I was a NYC ghetto girl, went to college at 15, dropped out at 16 to become an herbalist-midwife, all-out-mad hippie girl–dreads, fire by friction, the works! But a total geek too. Also, I spent 20 years as a home birth midwife and herbalist, homeschooling my young ones (until college for two of them, high school for the next two).

What inspired you to go to medical school?

All the while I wanted to make radical revolutionary change in health care, and to provide services outside of the scope that an illegal midwifery practice allowed. So before I got too old to lose my nerve I went back to school — Yale no less — and became an MD.

What will be the subject of your Guest Speech?

It’s called, “Walking in Two Worlds: From Midwife-Herbalist to MD.” This talk is about the journey, the reasons for it, and what I’ve learned, using the metaphor of the heroine’s journey. I hope it has lessons and meaning for listeners regarding how to relate to western medicine in a way that is safe and useful, and why and how to honor nature as our first healer from personal, ecological, evolutionary, social, political, and economic perspectives.

 

 

August 08, 2012 — Red Moon Herbs

Interview With Brooke Medicine Eagle

by Lee Warren

This October (14-16), the Southeast Women’s Herbal Conference will be hosting Special Guest, Brooke Medicine Eagle, a legendary Earth wisdom teacher, singer, visionary, catalyst for wholeness, and ceremonial leader of Sioux, Nez Perce, and European descent. She is the best selling author of the Native American literary classic, Buffalo Woman Comes Singing, and The Last Ghost Dance.

At the time your book, Buffalo Woman Comes Singing, came out in 1991 it was one of the very few resources for an earth-based way of being. Can you speak to that?

It was a watershed book at the time. Now there’s so many cross cultural sharings available. It seems that for women it was really a special offering – because I wrote from my own experiences and challenges. It also contained exercises at the end that helped people take advantage of what they had read. Again and again I hear from women that the book profoundly influenced the unfolding of their life. I’m thrilled that something touched them and they were moved to maybe do something different in their lives, with this sweet earth, and with all our relations.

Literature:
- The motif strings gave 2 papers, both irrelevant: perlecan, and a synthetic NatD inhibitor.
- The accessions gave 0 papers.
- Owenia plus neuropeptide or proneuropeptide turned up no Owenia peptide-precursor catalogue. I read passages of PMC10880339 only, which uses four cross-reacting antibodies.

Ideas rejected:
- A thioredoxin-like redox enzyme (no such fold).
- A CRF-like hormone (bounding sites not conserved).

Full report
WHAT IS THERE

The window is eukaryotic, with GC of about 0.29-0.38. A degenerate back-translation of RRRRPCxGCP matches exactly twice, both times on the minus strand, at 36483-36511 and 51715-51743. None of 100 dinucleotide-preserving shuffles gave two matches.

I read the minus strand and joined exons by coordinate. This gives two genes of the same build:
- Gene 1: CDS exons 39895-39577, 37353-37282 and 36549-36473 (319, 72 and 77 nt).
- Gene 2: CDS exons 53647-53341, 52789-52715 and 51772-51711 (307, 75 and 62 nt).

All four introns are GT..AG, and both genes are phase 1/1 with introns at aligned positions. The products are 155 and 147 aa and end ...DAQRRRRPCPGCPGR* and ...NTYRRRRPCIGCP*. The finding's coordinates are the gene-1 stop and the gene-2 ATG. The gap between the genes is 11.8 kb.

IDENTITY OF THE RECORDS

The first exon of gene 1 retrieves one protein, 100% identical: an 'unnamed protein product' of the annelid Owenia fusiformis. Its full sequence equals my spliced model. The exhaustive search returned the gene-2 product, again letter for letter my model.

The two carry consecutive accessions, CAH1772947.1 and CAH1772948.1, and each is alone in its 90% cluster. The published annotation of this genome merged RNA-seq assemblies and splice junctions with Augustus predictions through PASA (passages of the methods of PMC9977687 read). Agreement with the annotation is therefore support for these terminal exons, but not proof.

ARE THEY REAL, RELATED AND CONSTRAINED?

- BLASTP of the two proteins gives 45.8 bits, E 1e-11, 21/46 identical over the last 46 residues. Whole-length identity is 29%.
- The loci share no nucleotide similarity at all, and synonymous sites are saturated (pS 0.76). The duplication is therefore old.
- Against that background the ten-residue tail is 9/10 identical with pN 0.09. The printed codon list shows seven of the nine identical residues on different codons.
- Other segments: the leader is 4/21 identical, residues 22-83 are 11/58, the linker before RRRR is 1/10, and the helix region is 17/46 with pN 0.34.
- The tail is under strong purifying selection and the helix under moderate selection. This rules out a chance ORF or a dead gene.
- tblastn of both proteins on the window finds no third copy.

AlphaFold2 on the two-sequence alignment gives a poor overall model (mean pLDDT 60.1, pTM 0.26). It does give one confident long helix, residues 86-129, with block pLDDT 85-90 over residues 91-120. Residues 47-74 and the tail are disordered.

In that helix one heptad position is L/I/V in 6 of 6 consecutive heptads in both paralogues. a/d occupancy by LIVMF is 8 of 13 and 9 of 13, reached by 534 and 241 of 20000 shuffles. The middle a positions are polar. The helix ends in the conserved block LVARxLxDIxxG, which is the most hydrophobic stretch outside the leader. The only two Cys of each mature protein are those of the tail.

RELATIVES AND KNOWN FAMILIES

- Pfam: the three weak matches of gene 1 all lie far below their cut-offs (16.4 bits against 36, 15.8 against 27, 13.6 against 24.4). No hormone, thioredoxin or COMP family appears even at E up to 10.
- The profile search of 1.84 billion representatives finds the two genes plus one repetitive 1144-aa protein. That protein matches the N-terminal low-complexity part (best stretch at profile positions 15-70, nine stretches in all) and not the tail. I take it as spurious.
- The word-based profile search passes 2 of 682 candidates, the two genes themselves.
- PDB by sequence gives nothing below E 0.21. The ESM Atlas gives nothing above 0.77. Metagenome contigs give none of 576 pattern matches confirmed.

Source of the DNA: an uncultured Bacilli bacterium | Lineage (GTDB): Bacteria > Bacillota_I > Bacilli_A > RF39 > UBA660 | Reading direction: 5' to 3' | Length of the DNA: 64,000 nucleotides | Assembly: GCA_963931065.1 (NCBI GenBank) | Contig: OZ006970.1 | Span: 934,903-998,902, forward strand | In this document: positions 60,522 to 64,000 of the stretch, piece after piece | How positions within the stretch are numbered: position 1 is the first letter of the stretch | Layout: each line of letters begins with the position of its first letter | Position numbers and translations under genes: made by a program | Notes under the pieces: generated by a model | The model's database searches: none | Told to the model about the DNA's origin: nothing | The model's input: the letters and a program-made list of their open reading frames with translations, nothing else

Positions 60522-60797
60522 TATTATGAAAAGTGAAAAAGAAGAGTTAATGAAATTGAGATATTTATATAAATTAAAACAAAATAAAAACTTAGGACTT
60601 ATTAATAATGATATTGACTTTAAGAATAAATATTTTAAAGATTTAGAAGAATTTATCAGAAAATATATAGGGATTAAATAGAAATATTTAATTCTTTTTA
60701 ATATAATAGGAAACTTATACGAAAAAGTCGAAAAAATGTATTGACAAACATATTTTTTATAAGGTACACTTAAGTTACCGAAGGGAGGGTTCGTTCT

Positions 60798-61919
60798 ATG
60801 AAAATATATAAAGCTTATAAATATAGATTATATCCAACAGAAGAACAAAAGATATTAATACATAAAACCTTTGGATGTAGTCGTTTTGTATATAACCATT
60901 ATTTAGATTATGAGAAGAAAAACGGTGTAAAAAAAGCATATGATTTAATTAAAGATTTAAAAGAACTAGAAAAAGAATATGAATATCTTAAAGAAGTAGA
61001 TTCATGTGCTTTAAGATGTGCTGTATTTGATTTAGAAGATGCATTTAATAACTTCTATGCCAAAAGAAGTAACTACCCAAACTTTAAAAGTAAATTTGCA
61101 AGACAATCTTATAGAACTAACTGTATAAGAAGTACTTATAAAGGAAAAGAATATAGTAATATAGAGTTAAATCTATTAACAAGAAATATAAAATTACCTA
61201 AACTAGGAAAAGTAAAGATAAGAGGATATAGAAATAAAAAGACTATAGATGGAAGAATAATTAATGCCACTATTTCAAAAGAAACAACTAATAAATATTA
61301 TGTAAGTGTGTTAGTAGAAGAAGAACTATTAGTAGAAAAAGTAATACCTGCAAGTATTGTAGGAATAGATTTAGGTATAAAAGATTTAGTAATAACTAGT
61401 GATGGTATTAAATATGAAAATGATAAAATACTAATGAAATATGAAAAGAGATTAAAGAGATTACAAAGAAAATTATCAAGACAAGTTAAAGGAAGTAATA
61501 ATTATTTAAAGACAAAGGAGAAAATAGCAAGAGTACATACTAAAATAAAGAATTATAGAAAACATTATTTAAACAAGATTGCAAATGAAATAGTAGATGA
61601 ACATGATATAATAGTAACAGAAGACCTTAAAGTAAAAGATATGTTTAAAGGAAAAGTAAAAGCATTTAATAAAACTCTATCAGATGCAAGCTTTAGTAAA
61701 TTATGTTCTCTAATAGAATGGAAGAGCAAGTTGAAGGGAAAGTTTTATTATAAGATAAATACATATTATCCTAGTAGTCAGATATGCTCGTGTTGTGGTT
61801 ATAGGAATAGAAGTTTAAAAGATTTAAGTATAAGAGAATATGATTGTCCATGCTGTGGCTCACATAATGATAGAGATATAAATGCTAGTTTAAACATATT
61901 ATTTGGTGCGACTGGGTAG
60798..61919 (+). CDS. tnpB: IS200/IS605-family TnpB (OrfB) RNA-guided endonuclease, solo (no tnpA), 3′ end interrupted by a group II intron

You wrote about personal ceremony, healing, and spirituality in a real and grounded way. How do you see people's longing for this kind of thing?

People are so desperately hungry for earth-based ceremony, wisdom, understanding, and grounding. Our bodies are intelligent enough to understand that really we’re in trouble. They know how vulnerable we are if we don’t have simple and profound connection with the earth.

How would you offer guidance to women who are longing for these things?

The ancestors, the moon, and nature.

  1. Ancestors: What’s true is that love is what is eternal. Even if it wasn’t a conscious and happy experience, our parents and our grandparents love us. The ancestors understand that most human beings don’t use themselves well. Their job is to help us be more and more and more of who we are. They’re there, they love us, and they are willing to help us bring forward our best.
  1. The Moon: There’s much to discover about the magic, mystery, usefulness and power of the moon. It is a very important key to our feminine nature and to the simple ceremony we can do. From here women can go further and connect to the seasonal rhythms (Circle Round by Starhawk is a great resource) to honor cycles and meanings.
  1. Nature: Anyone who’s willing to get out and spend quiet time in nature can begin to deepen their relationship with spirit. It’s a powerful and profound way to connect and awaken some things in yourself.

 

And finally, I tell women to be in love with this world. Let your heart love this earth and open you to what you need to find.

At the conference, Brooke will be offering the following classes:

Prophecy & Promise  Ancient Understandings of a Radiant Future

Creating Ceremony

For the Love of Lady Gaia: A Ceremony

August 03, 2011 — Red Moon Herbs